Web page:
Pakistan cricket’s motto= “If it ain’t broke, don’t fix it”
Nine days after Pakistan defied the odds by beating England at the home of cricket, the green shirts suffered an ignominious defeat at the hands of the English at Old Trafford. The culprit was not their inept batting or naïve bowling, but a felon who has always managed to escape the cricketing brains at the helm of the Pakistan Cricket Board (PCB) – consistency.
In recent history, Pakistan has had a niggling knack of boasting in their temporary glory – not realising that the job at hand is yet to be completed. Whether it be Delhi in 1999, when they let Anil Kumble run through the Pakistani batting line like a possessed man (after beating them in Chennai earlier) or be it Lord’s in 2010, after Pakistan had conjured a famous win at The Oval where they let the English embarrass us with a shambolic performance usurped by the spot-fixing saga – Pakistan cricket always manages to get in and over their head without realising that the battle has just begun.
The same story promptly repeated itself in chronological order at Lord’s and Old Trafford. The hype and euphoria of bamboozling the English in their own backyard made us believe we are invincible and we let our guard down, eventually succumbing to our fourth heaviest defeat in Test history in terms of runs.
Pakistani cricket has always has been running on the same fundamental axiom,
“If it ain’t broke, don’t fix it.”
This was promptly followed at Old Trafford where Pakistan went in with an unchanged eleven from the one at Lord’s – not realising that the English team would have done their homework in how to deal with the guile and mystique of one Yasir Shah and the swing of Mohammad Amir. They didn’t think twice about bringing in a fifth recognised bowling option, rather opting to rest faith in their four primetime bowlers – and how that decision transpired, we all know too well.
On the contrary, the English team, who should be given full marks for the manner in which it bounced back, seemingly studied Shah at depth, recognising his repertoire and how to counter it. They continue to dominate Mohammad Amir psychologically and maintain a stranglehold on the Pakistani batting line-up at the moment. Pakistan have even handed them an extra world-class bowler by repeatedly falling prey to one Chris Woakes – who seems to be a juggernaut the Pakistani team has no idea how to play against.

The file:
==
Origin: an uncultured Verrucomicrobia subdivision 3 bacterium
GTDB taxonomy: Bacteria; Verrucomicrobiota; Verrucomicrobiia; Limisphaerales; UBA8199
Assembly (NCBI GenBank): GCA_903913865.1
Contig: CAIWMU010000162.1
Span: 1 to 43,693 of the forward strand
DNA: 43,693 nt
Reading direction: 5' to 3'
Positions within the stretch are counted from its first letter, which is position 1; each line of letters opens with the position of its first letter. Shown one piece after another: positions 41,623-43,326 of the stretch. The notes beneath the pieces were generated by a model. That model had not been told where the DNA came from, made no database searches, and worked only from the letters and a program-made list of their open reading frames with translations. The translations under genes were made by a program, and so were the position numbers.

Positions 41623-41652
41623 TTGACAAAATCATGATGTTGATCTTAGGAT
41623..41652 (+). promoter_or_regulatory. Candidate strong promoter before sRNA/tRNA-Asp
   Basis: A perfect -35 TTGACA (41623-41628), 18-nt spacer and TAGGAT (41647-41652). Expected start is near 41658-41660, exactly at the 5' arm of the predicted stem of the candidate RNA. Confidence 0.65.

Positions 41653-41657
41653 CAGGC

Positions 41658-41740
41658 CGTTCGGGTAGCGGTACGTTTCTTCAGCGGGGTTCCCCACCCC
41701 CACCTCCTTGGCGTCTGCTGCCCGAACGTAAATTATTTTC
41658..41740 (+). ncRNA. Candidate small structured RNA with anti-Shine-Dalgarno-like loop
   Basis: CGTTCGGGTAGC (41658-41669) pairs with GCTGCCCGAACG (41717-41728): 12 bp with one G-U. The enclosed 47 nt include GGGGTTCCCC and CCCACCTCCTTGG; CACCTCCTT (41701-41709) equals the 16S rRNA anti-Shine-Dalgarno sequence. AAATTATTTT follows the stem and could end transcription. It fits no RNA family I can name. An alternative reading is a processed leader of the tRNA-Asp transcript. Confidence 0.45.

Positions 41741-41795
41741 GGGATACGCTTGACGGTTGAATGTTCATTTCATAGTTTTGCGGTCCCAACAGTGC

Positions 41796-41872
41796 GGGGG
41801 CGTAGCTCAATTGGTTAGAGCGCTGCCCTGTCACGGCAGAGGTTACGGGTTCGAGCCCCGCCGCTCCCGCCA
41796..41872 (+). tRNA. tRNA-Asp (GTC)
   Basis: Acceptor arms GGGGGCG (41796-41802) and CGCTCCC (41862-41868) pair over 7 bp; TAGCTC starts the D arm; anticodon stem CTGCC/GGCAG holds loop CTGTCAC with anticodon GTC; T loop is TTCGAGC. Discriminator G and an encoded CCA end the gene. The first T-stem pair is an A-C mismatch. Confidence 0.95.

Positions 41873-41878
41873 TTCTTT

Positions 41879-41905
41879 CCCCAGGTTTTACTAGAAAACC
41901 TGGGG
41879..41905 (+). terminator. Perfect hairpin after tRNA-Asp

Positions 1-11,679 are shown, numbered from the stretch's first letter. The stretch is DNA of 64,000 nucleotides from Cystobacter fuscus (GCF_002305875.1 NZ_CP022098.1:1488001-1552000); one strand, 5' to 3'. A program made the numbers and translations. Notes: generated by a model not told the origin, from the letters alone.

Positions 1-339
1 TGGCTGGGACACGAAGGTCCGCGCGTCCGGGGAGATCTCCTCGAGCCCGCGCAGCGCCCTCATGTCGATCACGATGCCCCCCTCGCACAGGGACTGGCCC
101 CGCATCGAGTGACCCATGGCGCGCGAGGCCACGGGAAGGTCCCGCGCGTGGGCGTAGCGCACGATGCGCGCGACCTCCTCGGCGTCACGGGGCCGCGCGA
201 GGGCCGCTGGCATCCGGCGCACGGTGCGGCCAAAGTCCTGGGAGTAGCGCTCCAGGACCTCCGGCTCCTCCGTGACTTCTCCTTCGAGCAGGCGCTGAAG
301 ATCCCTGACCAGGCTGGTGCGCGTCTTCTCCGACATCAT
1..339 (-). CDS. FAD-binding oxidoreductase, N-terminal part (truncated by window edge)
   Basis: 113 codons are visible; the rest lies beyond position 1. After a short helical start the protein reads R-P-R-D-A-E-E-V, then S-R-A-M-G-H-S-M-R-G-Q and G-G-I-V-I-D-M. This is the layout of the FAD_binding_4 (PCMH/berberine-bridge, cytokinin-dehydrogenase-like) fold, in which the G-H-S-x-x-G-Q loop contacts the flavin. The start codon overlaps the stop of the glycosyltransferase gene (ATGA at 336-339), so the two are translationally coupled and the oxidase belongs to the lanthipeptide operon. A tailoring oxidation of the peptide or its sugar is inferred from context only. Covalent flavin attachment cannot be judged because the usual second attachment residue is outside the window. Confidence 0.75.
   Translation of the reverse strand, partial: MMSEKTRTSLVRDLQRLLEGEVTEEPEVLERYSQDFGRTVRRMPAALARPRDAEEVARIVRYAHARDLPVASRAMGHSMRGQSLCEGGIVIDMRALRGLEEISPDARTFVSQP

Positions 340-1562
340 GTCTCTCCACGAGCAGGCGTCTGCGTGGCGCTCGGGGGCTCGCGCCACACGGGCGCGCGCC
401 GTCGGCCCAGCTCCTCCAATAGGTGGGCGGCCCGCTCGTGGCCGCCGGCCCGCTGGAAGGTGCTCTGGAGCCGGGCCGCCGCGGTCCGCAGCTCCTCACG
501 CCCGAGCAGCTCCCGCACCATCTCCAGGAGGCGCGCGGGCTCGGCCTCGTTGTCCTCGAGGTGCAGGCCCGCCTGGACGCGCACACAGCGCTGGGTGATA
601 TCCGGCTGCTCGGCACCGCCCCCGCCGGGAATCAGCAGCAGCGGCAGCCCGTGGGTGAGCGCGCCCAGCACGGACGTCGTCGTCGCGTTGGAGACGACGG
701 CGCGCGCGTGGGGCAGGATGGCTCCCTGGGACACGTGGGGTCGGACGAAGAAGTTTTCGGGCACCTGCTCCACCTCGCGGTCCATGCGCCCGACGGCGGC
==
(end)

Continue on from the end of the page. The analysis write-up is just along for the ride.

Our old rear-guard and stalwart Younis Khan has had a forgetful tour thus far since he has not been able to live up to the name of being ‘the highest run scorer in Pakistani Test history.’ Azhar Ali, the ODI captain, has also failed to find the sweet spot from his willow and thus Pakistan have been brutally exposed in their batting department.
Pakistan have not given Moeen Ali, the lone English spinner, the respect which he deserves with experienced heads like our captain Misbahul Haq and veteran Younis Khan, who decided to loft Ali out off the ball park – eventually falling prey to him.
So what can we expect the Pakistani team to conjure up at Edgbaston – a dreadful repeat of the chaotic performance of Old Trafford or a reconnaissance that will leave the entire cricketing world perplexed and bemused once again?
For starters there will be a change expected in the started eleven as more help will be sought for the bowling department. Sohail Khan, with his pace and swing does have a history of bowling well in swinging conditions, while Zulfiqar Babar can promptly be called upon if required to assist Shah, who was literally taken to the cleaners by the English batsmen at Old Trafford.
Secondly, despite his pugnacious 39 in the first innings, Shan Masood once again failed to deliver and the time to replace him has come in the starting eleven with Sami Aslam, a man who has earned his trait to be a member of the Pakistani eleven.
Lastly, the body language and spirit of the team was nowhere to be seen in the field after England continued to pile on the runs in Manchester. It seemed as if Pakistan had already accepted defeat – these sorts of situations need to be avoided as Pakistan need to be upbeat and should always enter every session with a warrior mentality.
Can we expect Pakistan to turn up the ante in Birmingham or will we continue to see the English mesmerise us with their skilful batting and bowling?
Only time can tell. One thing is for certain – you can expect a cracking five days’ play between bat and ball.
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